The abundance of saprophytic fungal biomarkers before incubation was similar among treatments (Table 1) but declined significantly in control soils in response to ABA and JA, and there was a trend towards a decline in fungal biomarkers with ACC addition. The decline in saprophytic fungal biomarkers with phytohormone addition was even stronger in irrigated soils, with significantly lower abundance in response to all three hormone treatments. By contrast, saprophytic fungal biomarker abundance in the droughted soils increased in response to all three hormone treatments (Fig. 3a). Thus, in response to phytohormone addition, the relative abundance of saprophytic fungal biomarkers declined in irrigated soils but increased in droughted soils. The abundance of AM fungal biomarkers did not differ among treatments before incubation (Table 1) but AM fungal biomarkers increased significantly in the control soils with the addition of all three hormones and in droughted soils with ABA addition. By contrast, addition of all three hormones significantly reduced AM fungal biomarker abundance in the irrigated soils. Thus, in response to phytohormone addition, the relative abundance of AM fungal biomarkers increased in the control and droughted soils but declined in the irrigated soils (Fig. 3b).

Fig. 3: Fungal biomarker functional groups following phytohormone additions to soils from long-term climate change treatments.

Relative abundances of a saprophytic fungi and b arbuscular mycorrhizal (AM) fungi measured in soils collected from control, droughted and irrigated plots in the Buxton Climate Change Impacts Study after incubation for 24 h with abscisic acid (ABA), 1-aminocyclopropane-1-carboxylic acid (ACC), jasmonic acid (JA), or water (procedural controls; H2O); boxes denote the 25th and 75th percentiles, and median lines are given for n = 5 replicates based on independent field plots; whiskers indicate values up to 1.5× the interquartile range and dots indicate outliers; effects of hormone application within climate treatments are shown as ***p < 0.001; **p < 0.01, *p < 0.05 and o for trends at p < 0.1.


Our study demonstrates that community-level adaptation to chronic climate change modifies the response of soil microbes to phytohormone inputs. Phytohormone addition clearly stimulated soil microbial activity, but the magnitude of the effects differed for soil microbial communities conditioned under different climate treatments at Buxton. The increased respiration rates at low concentrations of phytohormones and the contrasting shifts in microbial functional groups in droughted vs. irrigated soils are particularly intriguing. Here we explore the possibility that soil microbial communities might respond to phytohormones as signals of impending water stress rather than as substrates for growth.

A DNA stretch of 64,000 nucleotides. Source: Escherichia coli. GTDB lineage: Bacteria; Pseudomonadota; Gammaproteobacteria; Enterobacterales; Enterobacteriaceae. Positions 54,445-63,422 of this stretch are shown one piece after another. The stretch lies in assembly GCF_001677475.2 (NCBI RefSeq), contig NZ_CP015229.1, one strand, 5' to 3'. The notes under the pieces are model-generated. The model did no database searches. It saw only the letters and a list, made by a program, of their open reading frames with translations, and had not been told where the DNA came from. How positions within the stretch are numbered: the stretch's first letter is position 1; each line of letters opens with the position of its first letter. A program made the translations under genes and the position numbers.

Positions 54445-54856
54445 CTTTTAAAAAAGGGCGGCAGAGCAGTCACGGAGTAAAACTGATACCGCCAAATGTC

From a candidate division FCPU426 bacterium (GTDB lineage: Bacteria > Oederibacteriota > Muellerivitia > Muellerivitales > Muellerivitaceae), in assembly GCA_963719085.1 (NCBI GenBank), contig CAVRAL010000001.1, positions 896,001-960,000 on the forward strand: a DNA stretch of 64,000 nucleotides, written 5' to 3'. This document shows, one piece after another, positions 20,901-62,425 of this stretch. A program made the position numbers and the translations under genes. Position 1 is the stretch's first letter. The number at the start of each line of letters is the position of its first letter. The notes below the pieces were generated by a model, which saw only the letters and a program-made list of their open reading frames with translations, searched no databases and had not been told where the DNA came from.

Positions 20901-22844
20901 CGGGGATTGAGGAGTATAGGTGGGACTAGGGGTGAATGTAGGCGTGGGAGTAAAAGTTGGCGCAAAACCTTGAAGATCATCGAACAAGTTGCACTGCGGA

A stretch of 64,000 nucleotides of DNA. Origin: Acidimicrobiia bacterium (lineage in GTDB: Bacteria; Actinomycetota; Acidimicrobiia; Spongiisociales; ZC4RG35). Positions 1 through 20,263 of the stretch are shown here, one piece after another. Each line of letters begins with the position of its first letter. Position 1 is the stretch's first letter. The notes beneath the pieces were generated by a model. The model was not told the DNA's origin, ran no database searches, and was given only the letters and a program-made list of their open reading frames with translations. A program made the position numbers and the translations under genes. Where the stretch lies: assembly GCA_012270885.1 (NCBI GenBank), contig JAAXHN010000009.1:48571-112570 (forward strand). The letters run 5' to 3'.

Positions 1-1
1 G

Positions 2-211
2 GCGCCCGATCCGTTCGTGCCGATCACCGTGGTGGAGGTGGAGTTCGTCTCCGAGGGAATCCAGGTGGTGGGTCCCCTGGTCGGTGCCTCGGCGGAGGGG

Increased respiration rates in response to phytohormones could indicate that bulk soil microorganisms can utilize all three hormones as substrates, and the greater respiration response to phytohormones in the irrigated compared to droughted soils strongly suggests community-level adaptation of soil microorganisms to field conditions. Microbial community-level adaptation to drought often involves shifts towards organisms with greater tolerance to water deficit, as well as increased abundance of slow-growing taxa with conservative resource-use strategies10,41. Distinct resource-use efficiencies of the microbial communities would explain some of the differences in the respiration responses to phytohormones, despite similar concentrations of readily available soil C and N among climate treatments (Table 1). In the irrigated soils, the substantial increases in respiration following phytohormone addition are characteristic of a microbial community dominated by copiotrophic organisms that preferentially use labile substrate and can rapidly respond to changes in resource inputs10. In droughted soils, smaller respiration responses to phytohormones correspond to a stress-tolerant microbial community dominated by taxa with reduced metabolic capacity41. By contrast, the control plots at our study site experience large natural fluctuations in soil moisture38 resulting in microbial communities composed of taxa with broad tolerances34, which is reflected in the variable respiration rates in control soils, both with and without phytohormone addition (Fig. 1). Hence, highly differentiated microbial communities in soils sampled several months after the end of the summer drought treatment at Buxton (Supplementary Methods 3 and Fig. S2) indicate lasting shifts in microbial community structure that likely underpin the distinct respiration responses in our experiment.